Usain Bolt looked in fine shape for the Olympics by winning his last race before Rio de Janeiro on his return from injury.
Keni Harrison also looked more than ready for Brazil by breaking a 28-year record in the 100-meters hurdles in London on Friday.
Only unlike Bolt, Harrison is not going to the Olympics.
While Bolt is Rio-bound despite being forced to pull out of the Jamaican trials with a hamstring injury, Harrison failed to make the American track squad after a poor performance at her trials.
Instead, Harrison will have to settle for her record-breaking night at the London Diamond League meet being her crowning moment of the summer.
The 23-year-old Harrison ran 12.20 seconds on the site of the 2012 Olympics to surpass Yordanka Donkova’s previous mark of 12.21 set in August 1988.
“Not making the Olympic team I was really upset,” Harrison said. “And I wanted to come out here and do what I know what I could have done (in Rio).”
Even sweeter for Harrison was finishing ahead of compatriots Brianna Rollins and Kristi Castlin, who both qualified for the Olympics ahead of her.
Harrison will still be cheering on her teammates in Rio.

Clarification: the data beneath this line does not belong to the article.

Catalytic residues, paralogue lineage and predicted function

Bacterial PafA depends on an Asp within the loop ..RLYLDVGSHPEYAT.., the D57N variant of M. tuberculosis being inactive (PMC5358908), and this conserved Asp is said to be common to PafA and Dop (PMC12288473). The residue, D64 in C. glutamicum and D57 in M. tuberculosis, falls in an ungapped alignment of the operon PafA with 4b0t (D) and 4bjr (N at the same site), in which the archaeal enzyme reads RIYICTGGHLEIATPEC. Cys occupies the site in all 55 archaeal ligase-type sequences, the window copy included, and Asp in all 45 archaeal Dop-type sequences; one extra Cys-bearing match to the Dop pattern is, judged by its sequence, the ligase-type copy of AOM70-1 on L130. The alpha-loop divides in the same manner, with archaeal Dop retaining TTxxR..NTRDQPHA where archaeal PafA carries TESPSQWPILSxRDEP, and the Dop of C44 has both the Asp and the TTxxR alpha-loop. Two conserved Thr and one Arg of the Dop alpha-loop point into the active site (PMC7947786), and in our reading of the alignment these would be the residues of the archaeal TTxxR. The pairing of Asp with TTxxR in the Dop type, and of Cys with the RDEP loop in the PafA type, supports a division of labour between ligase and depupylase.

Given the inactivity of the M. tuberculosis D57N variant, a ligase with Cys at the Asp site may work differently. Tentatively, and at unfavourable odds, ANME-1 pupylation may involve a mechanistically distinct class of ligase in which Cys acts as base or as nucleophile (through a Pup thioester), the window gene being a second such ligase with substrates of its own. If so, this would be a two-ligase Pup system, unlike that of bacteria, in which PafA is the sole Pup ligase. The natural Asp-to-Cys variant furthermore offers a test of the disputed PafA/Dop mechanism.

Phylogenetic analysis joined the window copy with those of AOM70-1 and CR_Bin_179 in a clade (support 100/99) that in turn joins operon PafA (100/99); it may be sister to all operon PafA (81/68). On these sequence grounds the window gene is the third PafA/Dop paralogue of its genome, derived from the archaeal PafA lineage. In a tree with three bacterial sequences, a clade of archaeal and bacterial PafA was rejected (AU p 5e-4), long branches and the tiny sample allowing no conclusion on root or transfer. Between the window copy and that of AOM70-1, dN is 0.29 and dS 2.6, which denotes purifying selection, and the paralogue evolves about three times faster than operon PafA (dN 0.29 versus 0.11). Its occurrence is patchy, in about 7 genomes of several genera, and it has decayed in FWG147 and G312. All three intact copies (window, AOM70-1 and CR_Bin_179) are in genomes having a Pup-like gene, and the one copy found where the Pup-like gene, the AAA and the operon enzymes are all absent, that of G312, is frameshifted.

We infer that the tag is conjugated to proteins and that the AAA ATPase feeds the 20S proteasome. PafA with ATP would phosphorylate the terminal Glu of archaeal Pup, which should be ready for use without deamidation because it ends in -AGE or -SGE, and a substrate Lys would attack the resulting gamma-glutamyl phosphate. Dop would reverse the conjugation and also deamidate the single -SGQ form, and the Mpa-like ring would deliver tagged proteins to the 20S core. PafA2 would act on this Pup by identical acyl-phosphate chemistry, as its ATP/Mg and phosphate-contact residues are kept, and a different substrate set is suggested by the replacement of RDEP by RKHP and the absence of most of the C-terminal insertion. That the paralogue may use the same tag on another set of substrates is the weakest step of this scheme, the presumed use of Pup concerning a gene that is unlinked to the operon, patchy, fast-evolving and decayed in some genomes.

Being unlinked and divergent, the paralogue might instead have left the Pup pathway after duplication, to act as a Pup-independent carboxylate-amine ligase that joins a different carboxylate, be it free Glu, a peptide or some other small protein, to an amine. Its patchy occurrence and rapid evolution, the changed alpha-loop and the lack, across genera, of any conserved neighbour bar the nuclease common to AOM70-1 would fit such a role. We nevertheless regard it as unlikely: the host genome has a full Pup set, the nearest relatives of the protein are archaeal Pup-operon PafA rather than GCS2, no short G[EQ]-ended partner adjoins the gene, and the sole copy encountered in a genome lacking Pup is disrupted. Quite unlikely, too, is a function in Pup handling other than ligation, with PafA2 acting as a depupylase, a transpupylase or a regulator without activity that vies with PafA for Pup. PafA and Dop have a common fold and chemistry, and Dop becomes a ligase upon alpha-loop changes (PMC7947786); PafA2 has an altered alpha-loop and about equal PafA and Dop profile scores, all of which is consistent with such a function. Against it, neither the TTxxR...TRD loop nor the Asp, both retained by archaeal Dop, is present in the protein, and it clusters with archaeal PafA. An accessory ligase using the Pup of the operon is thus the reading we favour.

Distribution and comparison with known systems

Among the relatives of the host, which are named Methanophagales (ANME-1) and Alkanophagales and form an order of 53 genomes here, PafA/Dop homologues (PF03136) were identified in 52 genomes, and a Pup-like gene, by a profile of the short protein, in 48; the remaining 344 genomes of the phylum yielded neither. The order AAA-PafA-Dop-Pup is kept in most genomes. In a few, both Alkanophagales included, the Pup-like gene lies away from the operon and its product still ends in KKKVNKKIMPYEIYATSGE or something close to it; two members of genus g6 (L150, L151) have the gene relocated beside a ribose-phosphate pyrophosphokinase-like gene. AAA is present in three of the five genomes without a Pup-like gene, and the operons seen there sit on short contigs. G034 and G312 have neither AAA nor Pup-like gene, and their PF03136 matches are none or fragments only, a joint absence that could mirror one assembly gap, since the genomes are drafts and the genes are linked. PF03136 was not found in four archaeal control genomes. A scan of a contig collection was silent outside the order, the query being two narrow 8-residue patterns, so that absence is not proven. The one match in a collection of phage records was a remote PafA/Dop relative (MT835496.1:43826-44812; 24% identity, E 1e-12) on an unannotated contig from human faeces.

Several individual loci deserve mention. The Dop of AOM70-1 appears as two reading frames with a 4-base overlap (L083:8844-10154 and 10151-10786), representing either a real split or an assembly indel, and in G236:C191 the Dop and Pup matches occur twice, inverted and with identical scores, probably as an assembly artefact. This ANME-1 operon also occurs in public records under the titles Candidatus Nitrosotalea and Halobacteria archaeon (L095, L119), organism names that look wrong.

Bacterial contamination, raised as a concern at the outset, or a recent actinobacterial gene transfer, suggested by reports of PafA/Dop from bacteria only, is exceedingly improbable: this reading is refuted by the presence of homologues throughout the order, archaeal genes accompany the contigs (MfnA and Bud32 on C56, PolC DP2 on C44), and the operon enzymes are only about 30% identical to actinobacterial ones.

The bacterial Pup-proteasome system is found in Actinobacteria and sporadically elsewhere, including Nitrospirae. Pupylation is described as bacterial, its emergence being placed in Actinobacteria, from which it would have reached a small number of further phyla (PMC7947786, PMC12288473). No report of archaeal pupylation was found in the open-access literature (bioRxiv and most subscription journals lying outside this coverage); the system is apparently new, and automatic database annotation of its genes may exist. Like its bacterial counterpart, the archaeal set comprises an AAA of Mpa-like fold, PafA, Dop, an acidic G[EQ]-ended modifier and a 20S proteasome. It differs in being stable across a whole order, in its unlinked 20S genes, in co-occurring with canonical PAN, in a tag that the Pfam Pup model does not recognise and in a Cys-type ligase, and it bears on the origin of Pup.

“You have one bad day but I knew I still had it in me,” Harrison said, referring to her sixth-place finish at the U.S. trials earlier this month. “I was coming out here with just vengeance to show these girls what I have.”
Bolt rarely has anything to prove to anyone. But the six-time Olympian champion had to show in London that he hasn’t been slowed by the hamstring injury that led to him withdrawing from his country’s Olympic trials.
In his first 200-meter race of the season, the world’s fastest man ran 19.89 seconds at the Olympic Stadium he left with three golds four years ago during the London Games.
“I’m not fully in shape. I need more work but over time I will be fine,” Bolt said. “I could feel the rust. The execution I think up there wasn’t perfect but it was my first run so I can’t complain.”
The only complaints Bolt had were targeted at American rivals who had lightly suggested — not strongly — that he got preferential treatment by being allowed to skip the Jamaican trials.
“I felt it was a joke,” Bolt said. “I felt it was a disrespect the fact they think I’d back out of a trials. Me, Usain Bolt who has proven myself year (after) year that I’m the greatest. “I laughed when I heard it. I was disappointed, especially in Justin Gatlin.”